Thursday, June 28, 2018

Democrats Have Civil Debate With No New Tax Positions

This post was originally published on Forbes Oct 14, 2015

I covered the Democratic debate from the Sahara Restaurant in Worcester Mass which had been taken over by We Want Bernie - Worcester for the evening.  I was mainly looking for new bits of tax information from each of the candidates. There was nothing.  The tax comments were interspersed in discussions of other issues.  The candidates were very civil with one another and avoided taking advantage of the few zingers that were put in the question.  Here is what I noted the most.

Jim Webb

I have nothing on Jim Webb's tax thinking going into thinking into the debate, although I did pick up a scrap on youtube, about him being in favor of some sort of favored rate to encourage corporations to bring money onshore.

Nothing  on taxes from Webb.  The one thing they tried to embarrass him about was  a remark he had made about affirmative action.  He indicated that he had never opposed affirmative action for African Americans given the special history of slavery and Jim Crow, but that the more expansive concept of "people of color" can leave out recognition of historically disadvantaged white groups.

He was handed a chance to embarrass Sanders over Sanders conscientious objector status in Vietnam while Webb was a decorated Marine.  He passed on that, while still indicating that he, Webb, was most qualified to be Commander in Chief.  Webb stood out when foreign policy was discussed by mentioning China's activities in the South China Sea and its cyberwarfare.

His best line was right at the end when the candidates were asked about who the enemies they had made were.  Webb went last and after Hillary mentioned the Republicans and Bernie mentioned Wall Street, Webb said it was probably the guy who threw a grenade at him, but that guy is not around anymore.

Bernie Sanders

I got quite a bit on tax policy from the Sanders campaign, which I covered here.  Some of the high points are lower thresholds and higher rates for estate tax, elimination of favorable rates on capital gains and dividends and elimination on cap on earnings subject to social security tax.

Sanders mentioned his tax on Wall Street speculation in the context of college funding.  On climate change after genuflecting to Pope Francis he mentioned supporting a carbon tax.
Bernie's finest moment was when he was handed a chance to bust Hillary about e-mails and he told her that everybody is sick of hearing about her damn e-mails and they shook hands.

The other interesting thing was that in the intro, Bernie did not talk about his wife and children and grandchildren but went straight into the issues.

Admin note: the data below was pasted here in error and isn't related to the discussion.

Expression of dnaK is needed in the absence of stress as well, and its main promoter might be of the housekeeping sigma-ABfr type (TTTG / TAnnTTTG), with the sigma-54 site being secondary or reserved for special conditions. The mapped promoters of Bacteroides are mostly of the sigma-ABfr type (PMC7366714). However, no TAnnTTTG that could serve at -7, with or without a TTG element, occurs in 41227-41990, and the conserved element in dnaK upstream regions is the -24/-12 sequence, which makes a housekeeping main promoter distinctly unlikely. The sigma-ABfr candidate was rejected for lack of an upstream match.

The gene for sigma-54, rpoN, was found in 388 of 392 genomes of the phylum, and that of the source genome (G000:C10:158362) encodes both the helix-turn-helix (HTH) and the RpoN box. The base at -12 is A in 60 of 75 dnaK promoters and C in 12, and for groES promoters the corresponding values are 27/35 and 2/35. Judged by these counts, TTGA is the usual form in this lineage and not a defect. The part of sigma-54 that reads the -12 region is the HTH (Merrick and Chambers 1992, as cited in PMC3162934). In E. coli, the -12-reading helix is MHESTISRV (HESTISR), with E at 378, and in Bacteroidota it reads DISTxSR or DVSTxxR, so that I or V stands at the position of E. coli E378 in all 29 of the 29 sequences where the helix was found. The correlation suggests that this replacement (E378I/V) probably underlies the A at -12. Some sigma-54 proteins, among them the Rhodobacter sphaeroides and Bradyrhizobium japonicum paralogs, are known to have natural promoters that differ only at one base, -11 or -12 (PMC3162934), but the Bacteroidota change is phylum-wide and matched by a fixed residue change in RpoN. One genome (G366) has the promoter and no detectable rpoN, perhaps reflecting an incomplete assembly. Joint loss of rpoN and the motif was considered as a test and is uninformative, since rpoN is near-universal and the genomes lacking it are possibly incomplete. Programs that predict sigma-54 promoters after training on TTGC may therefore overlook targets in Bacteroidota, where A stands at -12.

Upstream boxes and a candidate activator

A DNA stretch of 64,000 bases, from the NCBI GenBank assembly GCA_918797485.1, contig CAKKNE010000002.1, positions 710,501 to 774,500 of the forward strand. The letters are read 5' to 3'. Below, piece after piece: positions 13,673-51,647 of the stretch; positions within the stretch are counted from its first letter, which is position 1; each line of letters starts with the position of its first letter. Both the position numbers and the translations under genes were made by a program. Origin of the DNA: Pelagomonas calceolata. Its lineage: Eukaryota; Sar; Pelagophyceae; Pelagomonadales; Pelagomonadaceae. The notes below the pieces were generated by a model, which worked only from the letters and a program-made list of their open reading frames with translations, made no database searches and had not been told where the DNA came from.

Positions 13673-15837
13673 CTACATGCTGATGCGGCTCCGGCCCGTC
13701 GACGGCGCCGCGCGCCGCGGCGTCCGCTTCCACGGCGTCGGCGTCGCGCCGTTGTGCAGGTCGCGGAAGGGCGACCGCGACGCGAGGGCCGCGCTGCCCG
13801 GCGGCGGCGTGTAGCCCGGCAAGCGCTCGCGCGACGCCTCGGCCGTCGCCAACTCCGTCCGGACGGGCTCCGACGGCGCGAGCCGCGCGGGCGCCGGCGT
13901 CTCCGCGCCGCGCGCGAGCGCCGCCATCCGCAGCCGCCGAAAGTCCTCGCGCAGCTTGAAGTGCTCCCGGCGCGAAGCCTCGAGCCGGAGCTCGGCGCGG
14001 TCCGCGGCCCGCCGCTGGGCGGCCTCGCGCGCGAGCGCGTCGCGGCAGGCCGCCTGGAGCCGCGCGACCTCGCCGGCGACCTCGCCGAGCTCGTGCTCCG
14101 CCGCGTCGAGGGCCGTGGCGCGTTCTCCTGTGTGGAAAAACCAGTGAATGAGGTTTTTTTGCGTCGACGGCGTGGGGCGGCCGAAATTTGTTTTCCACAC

Hillary Clinton

Hillary is center stage because of her rating in the polls.  Her campaign tax positions so far indicate that you shouldn't vote for Hillary if you want a shorter Internal Revenue Code.

Hillary mentioned her profit sharing proposal in the intro, where she also mentioned that she is a grandmother .  When she was questioned about not being consistently progressive, she said that she was a progressive who liked to get things done.

Martin O'Malley

O'Malley's campaign indicated they would get to me after the debate, so he is a blank slate.

O'Malley's remains a blank slate on taxes.  His toughest moment was when he was asked about violence in Baltimore.

Lincoln Chafee

Chafee seems to think the Internal Revenue Code isn't so bad, but he would like to see a 45% bracket kick in at $750,000.

Chafee managed to work in a mention of his call for a higher tax bracket.  He kind of reminds me a bit of Mr. Rogers, which maybe wouldn't be such a bad thing.


A good time was had by all in the Sahara in spite of sound system difficulties and a couple of regulars who did not think a few dozen Bernie Sanders supporters trying to watch a debate should prevent them from shooting the breeze as per usual.  The next meeting which I will not make is at Jillians.  There were a group of students mainly from Clark University in a circle talking at the end.  One of them was talking about a million student march on Washington to demand free public college and student debt forgiveness.  Here is something on that.   All in, it was a good night, although my attempt at live blogging was pretty much a bust.

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